pointing to the vnode of the directory to search.  The name and
           namelen arguments specify the name to look for.  The nameiop and
           nameiflags should be taken from the cn_nameiop and cn_flags fields
           of struct componentname.

           The lookup can produce either a cache miss or a cache hit, and a
           cache hit can either be a positive hit, where the name looked up
           refers to some existing object, or a negative hit, where the name
           looked up is known to refer to no existing object.  (The lookup
           cannot fail, in the sense of generating an error condition that
           requires aborting the operation in progress.)

           On a cache miss, cache_lookup() returns zero (false).  On a
           positive hit, the unlocked vnode for the object found is stored in
           vpp, and a nonzero (true) value is returned.  On a negative hit,
           vpp is set to contain a null pointer and a nonzero value is
           returned.  Usually a negative hit will prompt the caller to fail
           with ENOENT.

           The iswhiteout argument is a pointer to an integer result that will
           be set to nonzero if the entry represents a whiteout, and zero if
           it does not.  This pointer may be NULL if the caller does not
           support whiteouts.  According to the current scheme for handling
           whiteouts, if cache_lookup() sets iswhiteout the caller should add
           ISWHITEOUT to the cn_flags field of its struct componentname.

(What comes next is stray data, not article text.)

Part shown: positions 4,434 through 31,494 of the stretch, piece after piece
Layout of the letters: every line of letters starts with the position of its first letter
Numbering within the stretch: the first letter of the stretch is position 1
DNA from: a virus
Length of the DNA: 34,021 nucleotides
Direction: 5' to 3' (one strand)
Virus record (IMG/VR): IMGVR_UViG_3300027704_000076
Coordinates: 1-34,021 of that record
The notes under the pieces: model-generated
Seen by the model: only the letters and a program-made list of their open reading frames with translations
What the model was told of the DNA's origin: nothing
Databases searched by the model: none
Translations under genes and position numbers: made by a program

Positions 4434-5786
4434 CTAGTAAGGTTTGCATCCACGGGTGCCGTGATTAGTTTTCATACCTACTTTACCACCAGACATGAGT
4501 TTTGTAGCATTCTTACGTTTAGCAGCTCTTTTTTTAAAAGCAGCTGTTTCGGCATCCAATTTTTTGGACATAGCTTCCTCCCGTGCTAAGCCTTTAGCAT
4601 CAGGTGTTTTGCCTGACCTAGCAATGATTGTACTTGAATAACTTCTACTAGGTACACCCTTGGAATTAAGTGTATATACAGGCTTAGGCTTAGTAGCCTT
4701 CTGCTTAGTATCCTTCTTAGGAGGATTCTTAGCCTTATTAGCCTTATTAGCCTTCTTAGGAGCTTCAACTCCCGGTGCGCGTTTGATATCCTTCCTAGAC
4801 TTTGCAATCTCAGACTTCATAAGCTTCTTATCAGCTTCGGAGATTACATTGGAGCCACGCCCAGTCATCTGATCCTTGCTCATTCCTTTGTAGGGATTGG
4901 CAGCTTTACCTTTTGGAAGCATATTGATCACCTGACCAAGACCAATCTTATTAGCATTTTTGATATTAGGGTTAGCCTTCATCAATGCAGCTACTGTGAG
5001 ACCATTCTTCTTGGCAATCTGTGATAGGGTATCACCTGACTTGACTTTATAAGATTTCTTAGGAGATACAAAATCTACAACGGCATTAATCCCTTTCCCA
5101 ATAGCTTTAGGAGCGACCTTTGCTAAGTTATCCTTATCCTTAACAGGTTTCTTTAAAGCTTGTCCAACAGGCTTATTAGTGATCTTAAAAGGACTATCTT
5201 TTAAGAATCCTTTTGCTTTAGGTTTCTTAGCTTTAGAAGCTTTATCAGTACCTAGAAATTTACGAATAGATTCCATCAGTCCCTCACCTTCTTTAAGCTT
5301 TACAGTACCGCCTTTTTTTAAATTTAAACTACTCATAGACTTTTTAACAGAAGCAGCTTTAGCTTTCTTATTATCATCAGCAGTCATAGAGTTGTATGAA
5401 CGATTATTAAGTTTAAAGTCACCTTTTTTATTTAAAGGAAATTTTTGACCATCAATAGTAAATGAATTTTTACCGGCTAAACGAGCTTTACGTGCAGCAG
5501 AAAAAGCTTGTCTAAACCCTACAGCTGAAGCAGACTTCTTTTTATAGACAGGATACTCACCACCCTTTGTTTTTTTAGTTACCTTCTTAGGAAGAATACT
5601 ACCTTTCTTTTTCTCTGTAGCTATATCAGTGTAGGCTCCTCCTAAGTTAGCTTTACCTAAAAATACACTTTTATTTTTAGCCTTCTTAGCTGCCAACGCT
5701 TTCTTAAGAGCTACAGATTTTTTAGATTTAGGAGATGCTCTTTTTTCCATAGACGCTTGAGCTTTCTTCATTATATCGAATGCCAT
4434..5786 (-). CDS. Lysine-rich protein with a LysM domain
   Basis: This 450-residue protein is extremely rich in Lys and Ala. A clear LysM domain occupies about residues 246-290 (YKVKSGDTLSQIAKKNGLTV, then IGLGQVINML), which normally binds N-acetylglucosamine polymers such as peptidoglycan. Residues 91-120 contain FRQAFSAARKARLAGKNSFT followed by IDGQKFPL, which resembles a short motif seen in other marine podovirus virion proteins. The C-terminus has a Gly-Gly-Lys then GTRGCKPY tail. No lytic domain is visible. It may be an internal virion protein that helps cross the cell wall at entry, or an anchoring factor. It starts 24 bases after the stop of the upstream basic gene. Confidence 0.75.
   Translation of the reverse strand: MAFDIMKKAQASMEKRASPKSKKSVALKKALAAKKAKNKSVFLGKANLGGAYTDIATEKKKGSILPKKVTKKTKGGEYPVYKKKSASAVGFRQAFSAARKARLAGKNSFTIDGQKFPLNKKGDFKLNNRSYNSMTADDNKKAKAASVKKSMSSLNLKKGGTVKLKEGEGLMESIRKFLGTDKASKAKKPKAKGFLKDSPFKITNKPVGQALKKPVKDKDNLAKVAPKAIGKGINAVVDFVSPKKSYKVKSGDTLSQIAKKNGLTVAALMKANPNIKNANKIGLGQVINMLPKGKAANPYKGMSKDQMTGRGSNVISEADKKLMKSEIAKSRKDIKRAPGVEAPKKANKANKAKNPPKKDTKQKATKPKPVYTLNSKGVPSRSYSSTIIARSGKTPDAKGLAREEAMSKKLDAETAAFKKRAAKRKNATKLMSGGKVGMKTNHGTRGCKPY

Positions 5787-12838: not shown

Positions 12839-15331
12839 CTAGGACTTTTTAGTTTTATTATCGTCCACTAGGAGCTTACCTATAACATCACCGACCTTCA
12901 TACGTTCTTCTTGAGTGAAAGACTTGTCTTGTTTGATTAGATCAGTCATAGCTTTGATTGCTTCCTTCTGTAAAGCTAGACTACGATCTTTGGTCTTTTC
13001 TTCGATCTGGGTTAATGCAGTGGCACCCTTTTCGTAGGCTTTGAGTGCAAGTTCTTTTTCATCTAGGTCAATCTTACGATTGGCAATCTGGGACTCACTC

cache_revlookup(vp, dvp, bpp, bufp)
           Scan cache looking for name of directory entry pointing at vp and
           fill in dvpp.  If bufp is non-NULL, also place the name in the
           buffer which starts at bufp, immediately before bpp, and move bpp
           backwards to point at the start of it.  If the lookup succeeds, the
           vnode is referenced.  Returns 0 on success, -1 on cache miss,
           positive errno on failure.

     cache_enter(dvp, vp, name, namelen, nameiflags)
           Add an entry to the cache.  The name and namelen arguments specify
           the name to add to the cache.  The dvp argument specifies the
           directory the name appears in.  The vp argument specifies the
           object to enter in the cache.  The nameiflags argument should come
           from the cn_flags member of struct componentname.

           If vp is NULL, a negative cache entry is created, specifying that
           the entry does not exist in the file system.

           Flush the cache of a particular vnode vp.  cache_purge() is called
           when a vnode is renamed to hide entries that would now be invalid.

           Flush cache of a whole file system mp.  cache_purgevfs() is called
           when file system is unmounted to remove entries that would now be

     namecache_print(vp, func)
           Print all entries of the name cache.  func is the printf(9) format.
           namecache_print() is only defined if the kernel option DDB is
           compiled into the kernel.

     The name lookup cache is implemented within the file

     intro(9), namei(9), vfs(9), vnode(9)

     The name lookup cache first appeared in 4.2BSD.

     The original name lookup cache was written by Robert Elz.

NetBSD 9.99                    February 7, 2014                    NetBSD 9.99